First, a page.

Omega (barque)

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StateLibQld 1 144023 Omega (ship).jpg
Omega
Career
Name: Drumcliff (1887-98)
Omega (1898-1958)
Owner: Gillison & Chadwick (1887-98)
Hamburger Rhederei AG (1898-1920)
Peruvian Government (1920-26)
Compania Adminstradora del Guano (1926-58)
Port of registry: United Kingdom of Great Britain and Ireland Liverpool (1887-98)
Germany Hamburg (1898-1920)
Peru Callao (1920-58)
Builder: J. Russell & Co, Greenock
Launched: 1887
Out of service: 26 June 1958
Identification: United Kingdom Official Number 93713 (1887-98)
Code Letters KJVQ (1887-98)
ICS Kilo.svgICS Juliet.svgICS Victor.svgICS Quebec.svg
Code Letters RLBQ (1898-1920)
ICS Romeo.svgICS Lima.svgICS Bravo.svgICS Quebec.svg
Fate: Sank
General characteristics
Tons burthen: 2,471 GRT
2,468 NRT
2,378 tons under deck
Length: 94.68 m (310 ft 8 in)
Beam: 13.16 m (43 ft 2 in)
Propulsion: Sails
Sail plan: Barque

The Omega (named the Drumcliff until 1898) was a four-masted, steel-hulled barque built in Greenock, Scotland in 1887. In 1957 Omega became the last cargo-carrying square-rigger in the world.

She was a sailing cargo ship used for transporting oil, guano, nitrate, wheat, and other goods.

She was renowned above all because after 1957, having been in service on the Peruvian coast, she was the last square-rigger in the world that was transporting cargo. Her sinking in 1958 was the last sinking of a large cargo-carrying sailing ship.

History[edit]

Bow of Omega
Deck of Omega

The Drumcliff was built at the shipyard of J. Russell & Co. in Greenock, Scotland, for Gillison & Chadwick, Liverpool, England. After her launching in 1887 she was placed under the command of Captain H. Davies.

On the 28th of July, 1898, the Drumcliff was sold to the Hamburger Reederei AG, which renamed her Omega. From 1898 until 1905 she sailed under Captain H. Krause, who was in command for her first great trip around the world. In 1898 she left the Lizard in the south of England for Adelaide, Australia. The following year she sailed to Newcastle, Australia, putting in at the Chilean harbours of Tocopilla and Iquique, before returning to the Lizard.

From 1906 until 1907 she sailed under Captain M. Ratzsch, followed by Captain A. Schellhas from 1908 until 1920. Under his command the ship also made long passages between Europe, South America (Pisagua and Tocopilla in Chile), Africa (Port Nolloth in South Africa) and Australia (Newcastle). From 1910 until 1912, under Captain G. Oellrich, she sailed to harbors on the West Coast of the US (San Diego, Portland, Oregon), in Europe (Hamburg, Rotterdam), Australia (Sydney, Newcastle), and South America (Chile). From 1913 until 1914 Captain P. Hammer assumed command.

During the First World War, the ship was interned in Peru. In 1918, she became a sail training ship.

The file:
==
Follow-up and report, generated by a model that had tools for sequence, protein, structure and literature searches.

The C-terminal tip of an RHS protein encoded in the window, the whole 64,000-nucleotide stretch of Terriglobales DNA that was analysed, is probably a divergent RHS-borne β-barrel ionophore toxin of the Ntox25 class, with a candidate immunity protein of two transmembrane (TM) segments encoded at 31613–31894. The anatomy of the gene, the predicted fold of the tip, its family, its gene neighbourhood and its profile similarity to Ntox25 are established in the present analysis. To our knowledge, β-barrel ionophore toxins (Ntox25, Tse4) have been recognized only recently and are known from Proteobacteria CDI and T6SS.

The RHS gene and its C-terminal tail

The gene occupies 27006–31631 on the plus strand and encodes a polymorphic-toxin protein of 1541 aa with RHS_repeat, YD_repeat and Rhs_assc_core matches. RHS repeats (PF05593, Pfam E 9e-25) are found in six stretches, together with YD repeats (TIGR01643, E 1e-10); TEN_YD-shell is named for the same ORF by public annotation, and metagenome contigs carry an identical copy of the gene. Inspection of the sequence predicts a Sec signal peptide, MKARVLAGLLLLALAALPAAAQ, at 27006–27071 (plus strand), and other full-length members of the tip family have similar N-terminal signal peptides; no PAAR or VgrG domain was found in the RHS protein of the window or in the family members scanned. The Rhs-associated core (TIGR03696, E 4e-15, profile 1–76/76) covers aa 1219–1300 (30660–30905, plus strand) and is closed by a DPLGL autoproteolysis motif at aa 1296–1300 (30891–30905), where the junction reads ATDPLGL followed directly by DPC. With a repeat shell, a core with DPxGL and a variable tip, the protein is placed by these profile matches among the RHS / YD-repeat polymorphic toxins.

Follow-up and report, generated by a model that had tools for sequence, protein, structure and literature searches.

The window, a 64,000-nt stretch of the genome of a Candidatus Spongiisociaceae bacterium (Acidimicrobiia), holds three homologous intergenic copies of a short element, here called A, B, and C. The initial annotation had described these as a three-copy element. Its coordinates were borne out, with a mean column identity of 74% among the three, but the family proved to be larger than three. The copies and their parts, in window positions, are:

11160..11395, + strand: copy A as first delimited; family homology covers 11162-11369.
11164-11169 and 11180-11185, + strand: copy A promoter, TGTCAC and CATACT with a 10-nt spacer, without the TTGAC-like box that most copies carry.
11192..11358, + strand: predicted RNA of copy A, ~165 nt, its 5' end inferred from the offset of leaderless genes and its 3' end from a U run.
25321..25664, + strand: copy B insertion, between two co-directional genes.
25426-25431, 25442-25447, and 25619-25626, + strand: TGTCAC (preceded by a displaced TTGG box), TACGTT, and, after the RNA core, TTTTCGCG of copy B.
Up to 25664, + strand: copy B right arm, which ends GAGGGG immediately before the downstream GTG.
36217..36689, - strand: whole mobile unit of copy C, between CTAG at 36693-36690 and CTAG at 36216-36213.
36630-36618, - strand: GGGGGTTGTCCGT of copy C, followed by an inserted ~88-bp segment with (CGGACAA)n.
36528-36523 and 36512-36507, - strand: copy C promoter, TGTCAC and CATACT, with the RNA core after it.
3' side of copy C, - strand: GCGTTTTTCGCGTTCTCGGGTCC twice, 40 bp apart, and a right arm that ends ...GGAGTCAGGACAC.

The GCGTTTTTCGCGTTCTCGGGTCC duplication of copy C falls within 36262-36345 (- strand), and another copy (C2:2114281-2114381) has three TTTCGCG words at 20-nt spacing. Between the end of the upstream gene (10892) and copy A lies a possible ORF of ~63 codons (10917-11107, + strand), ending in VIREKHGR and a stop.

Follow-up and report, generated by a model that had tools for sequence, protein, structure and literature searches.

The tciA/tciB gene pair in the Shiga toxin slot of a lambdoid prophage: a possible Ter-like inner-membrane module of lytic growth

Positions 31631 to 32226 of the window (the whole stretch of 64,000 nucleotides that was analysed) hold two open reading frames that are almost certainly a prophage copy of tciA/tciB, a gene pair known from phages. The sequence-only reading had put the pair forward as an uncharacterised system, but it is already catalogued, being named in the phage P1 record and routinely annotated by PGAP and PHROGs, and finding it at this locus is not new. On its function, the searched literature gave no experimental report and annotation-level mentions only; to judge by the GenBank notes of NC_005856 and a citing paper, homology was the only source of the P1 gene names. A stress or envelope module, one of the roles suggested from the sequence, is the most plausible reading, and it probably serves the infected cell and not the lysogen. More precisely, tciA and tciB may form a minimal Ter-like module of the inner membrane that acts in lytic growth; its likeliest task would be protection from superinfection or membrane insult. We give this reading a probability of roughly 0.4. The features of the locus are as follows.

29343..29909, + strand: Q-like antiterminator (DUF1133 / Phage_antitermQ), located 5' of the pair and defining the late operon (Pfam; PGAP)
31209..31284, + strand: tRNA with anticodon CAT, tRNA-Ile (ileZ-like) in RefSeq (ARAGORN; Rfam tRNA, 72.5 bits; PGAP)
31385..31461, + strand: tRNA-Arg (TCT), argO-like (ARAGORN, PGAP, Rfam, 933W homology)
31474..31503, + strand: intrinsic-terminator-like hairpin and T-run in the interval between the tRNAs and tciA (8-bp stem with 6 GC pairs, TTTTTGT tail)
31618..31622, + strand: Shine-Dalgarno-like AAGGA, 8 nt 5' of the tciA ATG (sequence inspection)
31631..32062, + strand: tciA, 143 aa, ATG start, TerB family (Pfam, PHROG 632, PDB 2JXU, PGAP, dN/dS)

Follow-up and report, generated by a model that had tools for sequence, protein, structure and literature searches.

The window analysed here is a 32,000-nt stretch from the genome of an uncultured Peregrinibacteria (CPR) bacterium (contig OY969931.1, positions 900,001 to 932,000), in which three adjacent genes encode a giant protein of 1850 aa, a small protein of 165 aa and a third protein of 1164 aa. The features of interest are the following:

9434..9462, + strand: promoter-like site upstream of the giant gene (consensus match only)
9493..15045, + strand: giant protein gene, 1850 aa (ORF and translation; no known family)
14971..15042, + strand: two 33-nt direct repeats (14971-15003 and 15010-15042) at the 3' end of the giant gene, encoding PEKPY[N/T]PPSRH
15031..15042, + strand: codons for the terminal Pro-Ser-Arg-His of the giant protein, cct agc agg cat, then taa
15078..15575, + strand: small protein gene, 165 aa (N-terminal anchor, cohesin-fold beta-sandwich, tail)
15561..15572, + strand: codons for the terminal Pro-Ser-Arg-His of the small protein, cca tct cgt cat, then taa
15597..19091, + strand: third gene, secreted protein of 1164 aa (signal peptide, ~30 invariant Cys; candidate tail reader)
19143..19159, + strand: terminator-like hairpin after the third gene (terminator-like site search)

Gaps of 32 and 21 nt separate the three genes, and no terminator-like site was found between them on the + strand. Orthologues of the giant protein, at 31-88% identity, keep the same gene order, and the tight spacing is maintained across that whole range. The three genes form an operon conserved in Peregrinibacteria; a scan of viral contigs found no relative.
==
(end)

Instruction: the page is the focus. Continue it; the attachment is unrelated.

In 1920, the Omega was released to Peru as a war reparation, and in 1926 she was transferred to the guano firm Compañia Administradora del Guano in Callao, Peru. From then on, the ship was used to transport guano from outlying islands to the Peruvian mainland.

Over the course of the following decades, as all the large sailing ships were gradually removed from service, in the wake of the sinking of the Pamir and the end of service of the Passat, the Omega remained.

"The only commercial square-rigged sailing ships still operating anywhere in the world, in the year 1953, were the Peruvian guano barques: the three-masters Tellus and Maipo, and the four-master Omega'.[1]

In 1957 Omega became the last cargo-carrying square-rigger in the world.

On 26 June 1958 the Omega embarked on a voyage from the Pachamac Islands to Huacho, both in the Lima region, along the Peruvian coast, with a load of 3000 tons of guano, she sprang a leak and sank. It was the last sinking of a large sailing ship on a cargo-carrying voyage.

The last captain of the Omega was Capt. Juan Anibal Escobar Hurtado from the City of Callao, who was accused of sinking the Omega, therefor suspended from his duties and later charged for the sinking of the barque. Capt. Escobar Hurtado paid a group of divers to photograph and bring proof, which was later presented as evidence, that the Omega sank due to age and poor maintenance and not due to bad maneuver by Capt. Escobar Hurtado; Capt. Juan Anibal Escobar Hurtado was never cleared from the accusation and died six years after the Omega sank on August 16, 1964.

Images[edit]

References and notes[edit]

  1. ^ Wilhelmsen, F D (1956). Omega: Last of the barques. Westminster, MD: Newman Press. p. (introduction). 
  • Bruzelius, Lars (1999-01-23). "Sailing Ships: Drumcliff". The Maritime History Virtual Archives. Retrieved Nov 15, 2006.  According to Bruzelius, there are discrepancies regarding the measurements of Drumcliff/Omega. 94.86 m × 13.15 m × 7.36 m (311'3 × 43'2 × 24'2 in feet), with another source indicating 90.96 m × 13.16 m ×7.47 m.
  • Ageofsail.net, Nov. 15, 2006

Further reading[edit]

  • Kooiman, W (April 1990). "Omega: Last of the guano traders". Sea Classics (Canoga Park, CA: Challenge Publications) 23 (4): 50–57. 
  • Meyer, Jürgen (1974). Hamburgs Segelschiffe 1795-1945. Norderstedt: Heinemann. 
  • Naylon, John (1999). "Omega: The last of her race". Sea Classics (Longton, Preston [U.K.]: J. & M. Clarkson) 8: 228–234. 
  • Wilhelmsen, F D (1956). Omega: Last of the barques. Westminster, MD: Newman Press.